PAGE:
Posts Tagged ‘measure your rope’

Collin Barber: Barefooting Screw Ups

Wednesday, April 9th, 2014

Barefooting can be a very complex sport to understand, especially when you are completely new at it. First off, there’s the mere concept of skiing on your bare feet. Then, there’s the different kinds of tricks that require different handles and then the different kinds of events and the way you can get scored in each event and the different speeds to go and what to do in tournaments and why the heck you would want to hit a piece of fiberglass to fly through the air at 40 mph… So yeah, it gets pretty confusing quite quickly. It takes time for newbies to get used to all the terms and concepts of the sport. I know it took me quite a while to understand everything that was necessary for the sport, and I’m sure it was just as confusing for anyone else who has been introduced to the sport.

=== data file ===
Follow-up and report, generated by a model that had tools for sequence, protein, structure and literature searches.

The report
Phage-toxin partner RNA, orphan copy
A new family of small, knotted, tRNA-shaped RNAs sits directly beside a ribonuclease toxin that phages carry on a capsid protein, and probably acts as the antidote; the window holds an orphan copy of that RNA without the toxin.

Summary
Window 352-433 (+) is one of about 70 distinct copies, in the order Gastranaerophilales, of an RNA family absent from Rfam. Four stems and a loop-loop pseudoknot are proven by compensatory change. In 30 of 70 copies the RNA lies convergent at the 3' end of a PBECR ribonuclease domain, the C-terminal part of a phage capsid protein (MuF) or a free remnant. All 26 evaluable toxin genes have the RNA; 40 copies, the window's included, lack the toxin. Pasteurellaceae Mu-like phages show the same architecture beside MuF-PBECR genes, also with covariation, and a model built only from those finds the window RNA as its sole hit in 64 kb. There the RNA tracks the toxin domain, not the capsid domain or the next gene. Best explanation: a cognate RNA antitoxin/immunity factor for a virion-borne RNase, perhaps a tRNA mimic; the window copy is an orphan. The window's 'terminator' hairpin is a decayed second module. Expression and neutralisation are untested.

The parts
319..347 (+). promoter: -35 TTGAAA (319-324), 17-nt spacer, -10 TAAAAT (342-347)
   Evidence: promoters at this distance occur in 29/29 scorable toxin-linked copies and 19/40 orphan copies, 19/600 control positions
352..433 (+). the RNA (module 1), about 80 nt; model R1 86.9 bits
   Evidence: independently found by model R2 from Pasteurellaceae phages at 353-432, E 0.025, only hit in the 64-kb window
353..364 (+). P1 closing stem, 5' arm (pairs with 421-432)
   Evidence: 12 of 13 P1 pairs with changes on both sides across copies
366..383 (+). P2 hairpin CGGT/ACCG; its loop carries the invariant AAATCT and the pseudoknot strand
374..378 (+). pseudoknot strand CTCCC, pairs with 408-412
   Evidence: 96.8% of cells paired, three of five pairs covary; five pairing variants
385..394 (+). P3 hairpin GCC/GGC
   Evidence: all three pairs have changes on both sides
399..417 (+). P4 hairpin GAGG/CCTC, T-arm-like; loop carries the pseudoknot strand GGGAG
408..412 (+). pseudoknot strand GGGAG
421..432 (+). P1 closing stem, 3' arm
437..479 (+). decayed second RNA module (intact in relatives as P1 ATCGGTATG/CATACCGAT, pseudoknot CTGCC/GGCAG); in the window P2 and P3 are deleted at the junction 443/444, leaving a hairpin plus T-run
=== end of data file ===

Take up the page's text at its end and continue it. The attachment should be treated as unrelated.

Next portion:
It was three years ago when I first started competing in tournaments. I was really new to the sport and I was still trying to comprehend everything that went along with the sport. After a couple weeks of staying at the WBC, I went back home and began skiing there again. My tricks seemed to be going well, but something felt odd about slaloming behind my boat. I thought maybe it was the wake. It seemed a lot wider than it was at WBC. I kept on screwing up, but I just shrugged it off thinking that I was just being mental about it. Then a couple weeks later, Kailey Koehler came over and skiied with us. She noticed something odd about skiing behind my boat too… The boat seemed, well, smaller from where she was skiing. So she ended up measuring my rope, and what do you know, I was using a 100 foot rope to ski behind. This long of a rope wasn’t even used in tournaments. As you could imagine, this indeed made the wake wider and my slalom practice significantly worse.

So no matter the status of how good a skiier someone is, they all had their own unique beginnings. They all had their screw-ups, and their lessons, and in this case… the use of a ridiculously long rope.

Collin Barber